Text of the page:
(c) Who may claim the privilege. The privilege may be claimed by the client or for the client through the client's lawyer, the guardian or conservator, or by the personal representative of a deceased client, or the successor, trustee, or similar representative of a corporation, association, or other organization, whether or not in existence. The person who was the lawyer or the lawyer's representative at the time of the communication may claim the privilege but only on behalf of the client. The authority of the lawyer or lawyer's representative to do so is presumed in the absence of evidence to the contrary.
(d) Exceptions. There is no privilege under this rule:
(1) Furtherance of crime or fraud. If the services of the lawyer were sought or obtained to enable or aid anyone to commit or plan to commit what the client knew or reasonably should have known to be a crime or fraud;
(2) Claimants through same deceased client. As to a communication relevant to an issue between parties who claim through the same deceased client, regardless of whether the claims are by testate or intestate succession or by inter vivos transaction;
(3) Breach of duty by a lawyer or client. As to a communication relevant to an issue of breach of duty by the lawyer to the lawyer's client or by the client to the client's lawyer;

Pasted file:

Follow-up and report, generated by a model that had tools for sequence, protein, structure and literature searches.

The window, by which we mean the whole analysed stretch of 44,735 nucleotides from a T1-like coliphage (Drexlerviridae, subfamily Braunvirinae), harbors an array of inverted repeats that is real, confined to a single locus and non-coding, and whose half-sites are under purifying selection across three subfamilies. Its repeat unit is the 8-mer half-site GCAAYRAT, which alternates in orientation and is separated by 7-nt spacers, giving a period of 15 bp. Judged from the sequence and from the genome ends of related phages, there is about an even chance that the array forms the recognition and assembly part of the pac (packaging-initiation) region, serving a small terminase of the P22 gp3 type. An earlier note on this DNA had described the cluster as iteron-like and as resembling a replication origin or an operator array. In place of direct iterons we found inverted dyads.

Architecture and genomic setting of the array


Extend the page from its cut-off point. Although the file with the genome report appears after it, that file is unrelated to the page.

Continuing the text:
(4) Document attested by a lawyer. As to a communication relevant to an issue concerning an attested document to which the lawyer is an attesting witness;
(5) Joint clients. As to a communication relevant to a matter of common interest between or among two or more clients if the communication was made by any of them to a lawyer retained or consulted in common, when offered in an action between or among any of the clients.
(6) Shareholder actions. As to a communication between a corporation and its lawyer or a representative of the lawyer, which was not made for the purpose of facilitating the rendition of professional legal services to the corporation during the litigation and concerning the litigation in which the privilege is asserted:
(A) in an action by a shareholder against the corporation which is based on a breach of fiduciary duty; or (B) in a derivative action by a shareholder on behalf of the corporation, provided that disclosure of privileged communications under either subpart (A) or
(B) of this exception shall be required only if the party asserting the right to disclosure shows good cause for the disclosure and provided further that the court may use in camera inspection or oral examination and may grant protective orders to prevent unnecessary or unwarranted disclosure.
(Adopted January 8, 1985, effective July 1, 1985; amended March 5, 2002, effective July 1, 2002.)